Whether you're trying to understand someone's point of view, trying to figure out a complex problem, or wanting someone to volunteer for an initiative, the single greatest weapon you have in your arsenal is a question. As we've built Classroom Champions into the international NGO it's become, I've learned that if you don't ask questions, you'll never succeed. I've learned that, in general, people want to help; they want to answer questions - it's how we're built. Remember that and you can accomplish more than you think.
11. Relationships make the world go round.
The first thing we do at Classroom Champions is look to foster a relationship between Olympian and student. If kids feel connected to their athlete, if they feel like they can depend on them, they begin to trust them and good things happen. In building relationships, you have to remember to be consistent in your words and your actions.
12. Crack the volunteering code and change the world.
People are busy these days. Olympians, Paralympians, and teachers are just as busy and overwhelmed as the rest of the world. How do you engage busy people to volunteer to make a difference? It's the same as paying someone with cash - reward their effort with compensation. The only difference? Compensate them with the ability to see their impact with quality metrics, compensate them with strong relationships, and compensate them with feedback that will make them better at the things they care about.
For more information: http://www.classroomchampions.org/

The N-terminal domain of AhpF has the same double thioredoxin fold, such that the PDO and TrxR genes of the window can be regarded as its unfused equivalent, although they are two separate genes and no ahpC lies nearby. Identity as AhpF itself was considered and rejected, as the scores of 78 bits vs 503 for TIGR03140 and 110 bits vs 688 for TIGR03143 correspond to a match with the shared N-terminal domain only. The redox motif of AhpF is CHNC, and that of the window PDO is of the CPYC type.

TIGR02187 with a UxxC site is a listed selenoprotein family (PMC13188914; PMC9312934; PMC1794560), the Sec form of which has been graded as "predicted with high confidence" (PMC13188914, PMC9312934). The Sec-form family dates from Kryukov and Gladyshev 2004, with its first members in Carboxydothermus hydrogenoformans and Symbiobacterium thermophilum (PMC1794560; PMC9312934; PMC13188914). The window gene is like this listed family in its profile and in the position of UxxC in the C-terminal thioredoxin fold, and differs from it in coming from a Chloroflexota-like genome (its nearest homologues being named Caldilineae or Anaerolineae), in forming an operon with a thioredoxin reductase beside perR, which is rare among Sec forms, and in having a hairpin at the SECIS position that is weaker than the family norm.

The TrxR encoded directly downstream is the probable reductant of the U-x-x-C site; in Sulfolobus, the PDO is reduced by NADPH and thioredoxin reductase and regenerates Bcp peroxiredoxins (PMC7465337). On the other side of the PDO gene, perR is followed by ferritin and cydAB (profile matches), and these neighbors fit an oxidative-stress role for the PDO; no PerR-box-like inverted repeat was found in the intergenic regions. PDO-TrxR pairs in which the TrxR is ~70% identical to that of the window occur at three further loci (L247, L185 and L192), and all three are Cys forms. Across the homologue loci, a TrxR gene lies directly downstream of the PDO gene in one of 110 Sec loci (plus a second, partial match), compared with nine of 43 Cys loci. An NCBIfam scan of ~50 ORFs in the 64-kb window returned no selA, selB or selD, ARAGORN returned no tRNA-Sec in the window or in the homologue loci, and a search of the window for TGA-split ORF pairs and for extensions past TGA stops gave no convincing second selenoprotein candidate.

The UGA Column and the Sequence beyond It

All photos are courtesy of Classroom Champions.
Join me and globally renowned thought leaders including Sir Michael Barber (UK), Dr. Michael Block (U.S.), Dr. Leon Botstein (U.S.), Professor Clay Christensen (U.S.), Dr. Linda Darling-Hammond (U.S.), Dr. MadhavChavan (India), Professor Michael Fullan (Canada), Professor Howard Gardner (U.S.), Professor Andy Hargreaves (U.S.), Professor Yvonne Hellman (The Netherlands), Professor Kristin Helstad (Norway), Jean Hendrickson (U.S.), Professor Rose Hipkins (New Zealand), Professor Cornelia Hoogland (Canada), Honourable Jeff Johnson (Canada), Mme. Chantal Kaufmann (Belgium), Dr. EijaKauppinen (Finland), State Secretary TapioKosunen (Finland), Professor Dominique Lafontaine (Belgium), Professor Hugh Lauder (UK), Professor Ben Levin (Canada), Lord Ken Macdonald (UK), Professor Barry McGaw (Australia), Shiv Nadar (India), Professor R. Natarajan (India), Dr. Pak Tee Ng (Singapore), Dr. Denise Pope (US), Sridhar Rajagopalan (India), Dr. Diane Ravitch (U.S.), Richard Wilson Riley (U.S.), Sir Ken Robinson (UK), Professor PasiSahlberg (Finland), Professor Manabu Sato (Japan), Andreas Schleicher (PISA, OECD), Dr. Anthony Seldon (UK), Dr. David Shaffer (U.S.), Dr. Kirsten Sivesind (Norway), Chancellor Stephen Spahn (U.S.), Yves Theze (LyceeFrancais U.S.), Professor Charles Ungerleider (Canada), Professor Tony Wagner (U.S.), Sir David Watson (UK), Professor Dylan Wiliam (UK), Dr. Mark Wormald (UK), Professor Theo Wubbels (The Netherlands), Professor Michael Young (UK), and Professor Minxuan Zhang (China) as they explore the big picture education questions that all nations face today.
The Global Search for Education Community Page
C. M. Rubin is the author of two widely read online series for which she received a 2011 Upton Sinclair award, "The Global Search for Education" and "How Will We Read?" She is also the author of three bestselling books, including The Real Alice in Wonderland, is the publisher of CMRubinWorld, and is a Disruptor Foundation Fellow.